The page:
BREATHE EASY. Mexico City has some serious green spaces and not just quaint city parks or tree-lined neighborhoods.
In May of this year, Mexico City registered some of the highest levels of air pollution in recent history. The particles that chilangos (as Mexico City residents are colloquially known) often feel in the air were actually visible. The city, ringed by pine and snow-covered mountains visible on clear days, felt like a bar at last call back in the day of indoor smoking.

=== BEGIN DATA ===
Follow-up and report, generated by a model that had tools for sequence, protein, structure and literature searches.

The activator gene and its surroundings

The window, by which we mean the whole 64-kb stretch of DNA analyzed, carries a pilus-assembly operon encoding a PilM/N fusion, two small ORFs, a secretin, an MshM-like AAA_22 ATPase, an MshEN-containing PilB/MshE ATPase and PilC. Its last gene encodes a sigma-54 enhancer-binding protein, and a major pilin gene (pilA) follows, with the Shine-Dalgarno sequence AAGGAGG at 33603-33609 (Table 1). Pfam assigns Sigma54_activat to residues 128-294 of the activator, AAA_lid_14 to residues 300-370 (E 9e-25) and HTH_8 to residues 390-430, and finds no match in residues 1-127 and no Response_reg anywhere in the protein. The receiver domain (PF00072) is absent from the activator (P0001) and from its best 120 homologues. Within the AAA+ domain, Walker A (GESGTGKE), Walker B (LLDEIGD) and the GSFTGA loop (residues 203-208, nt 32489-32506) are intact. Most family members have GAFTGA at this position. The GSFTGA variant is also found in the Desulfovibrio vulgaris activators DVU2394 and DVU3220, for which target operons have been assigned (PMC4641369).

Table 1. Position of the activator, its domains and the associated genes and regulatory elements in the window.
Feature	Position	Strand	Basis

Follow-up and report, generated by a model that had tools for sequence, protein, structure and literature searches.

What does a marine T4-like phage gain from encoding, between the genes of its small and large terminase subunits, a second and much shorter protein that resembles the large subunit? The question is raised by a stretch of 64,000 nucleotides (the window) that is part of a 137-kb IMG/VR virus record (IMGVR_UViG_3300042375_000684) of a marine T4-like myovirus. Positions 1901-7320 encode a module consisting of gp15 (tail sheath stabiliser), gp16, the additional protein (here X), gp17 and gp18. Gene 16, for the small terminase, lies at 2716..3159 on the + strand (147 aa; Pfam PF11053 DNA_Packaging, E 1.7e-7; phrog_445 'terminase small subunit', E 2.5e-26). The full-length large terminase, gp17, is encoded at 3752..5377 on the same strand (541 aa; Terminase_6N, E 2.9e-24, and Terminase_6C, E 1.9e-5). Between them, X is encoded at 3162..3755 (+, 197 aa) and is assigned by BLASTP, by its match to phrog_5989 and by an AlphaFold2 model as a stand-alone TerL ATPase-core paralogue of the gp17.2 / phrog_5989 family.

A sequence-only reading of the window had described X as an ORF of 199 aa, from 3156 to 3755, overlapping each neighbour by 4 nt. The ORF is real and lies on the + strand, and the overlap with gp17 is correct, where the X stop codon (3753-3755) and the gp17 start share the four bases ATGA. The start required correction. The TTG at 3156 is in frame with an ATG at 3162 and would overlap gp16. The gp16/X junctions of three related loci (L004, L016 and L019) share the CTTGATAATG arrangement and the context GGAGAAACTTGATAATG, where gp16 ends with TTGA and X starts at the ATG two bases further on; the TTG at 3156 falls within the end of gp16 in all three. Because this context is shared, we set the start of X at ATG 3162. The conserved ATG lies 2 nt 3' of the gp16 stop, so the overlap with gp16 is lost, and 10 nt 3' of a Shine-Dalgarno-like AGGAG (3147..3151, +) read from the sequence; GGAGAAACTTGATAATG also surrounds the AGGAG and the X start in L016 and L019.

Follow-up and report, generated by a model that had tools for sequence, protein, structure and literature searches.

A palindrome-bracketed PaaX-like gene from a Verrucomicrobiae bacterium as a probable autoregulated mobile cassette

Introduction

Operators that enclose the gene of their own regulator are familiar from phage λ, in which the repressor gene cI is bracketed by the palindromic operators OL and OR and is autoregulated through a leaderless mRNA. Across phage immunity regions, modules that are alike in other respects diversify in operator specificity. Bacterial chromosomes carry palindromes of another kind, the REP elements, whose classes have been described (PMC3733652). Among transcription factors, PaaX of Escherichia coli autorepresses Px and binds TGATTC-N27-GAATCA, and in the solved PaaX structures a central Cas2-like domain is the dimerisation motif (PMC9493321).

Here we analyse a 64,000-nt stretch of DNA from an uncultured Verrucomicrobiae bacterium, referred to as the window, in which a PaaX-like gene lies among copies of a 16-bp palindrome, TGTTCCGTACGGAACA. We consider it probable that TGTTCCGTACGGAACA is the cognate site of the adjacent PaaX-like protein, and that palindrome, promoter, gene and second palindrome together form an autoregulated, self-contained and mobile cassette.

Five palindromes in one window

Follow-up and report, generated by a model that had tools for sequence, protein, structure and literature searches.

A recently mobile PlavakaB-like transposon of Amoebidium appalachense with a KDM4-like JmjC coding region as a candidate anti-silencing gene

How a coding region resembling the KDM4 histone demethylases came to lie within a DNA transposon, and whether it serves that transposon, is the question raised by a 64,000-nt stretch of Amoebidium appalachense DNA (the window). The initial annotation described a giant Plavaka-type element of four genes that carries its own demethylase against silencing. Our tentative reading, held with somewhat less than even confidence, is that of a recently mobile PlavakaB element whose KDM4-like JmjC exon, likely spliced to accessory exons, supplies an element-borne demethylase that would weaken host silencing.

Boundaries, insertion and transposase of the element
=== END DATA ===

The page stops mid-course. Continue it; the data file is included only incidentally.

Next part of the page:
Smoke from wildfires across Mexico had conflated with the city’s status quo pollution (there’s at least 25 million people living in the metropolitan area, with millions of vehicles churning out exhaust and a number of factories emitting industrial waste) and low oxygen levels (its lowest elevation is 7,200 feet) making the city “unsafe” by World Health Organization standards for multiple days at a time. It’s been established that should the Valley of Mexico enter a serious drought, vulnerable populations in poorer neighborhoods would be the first to suffer. Read the full article here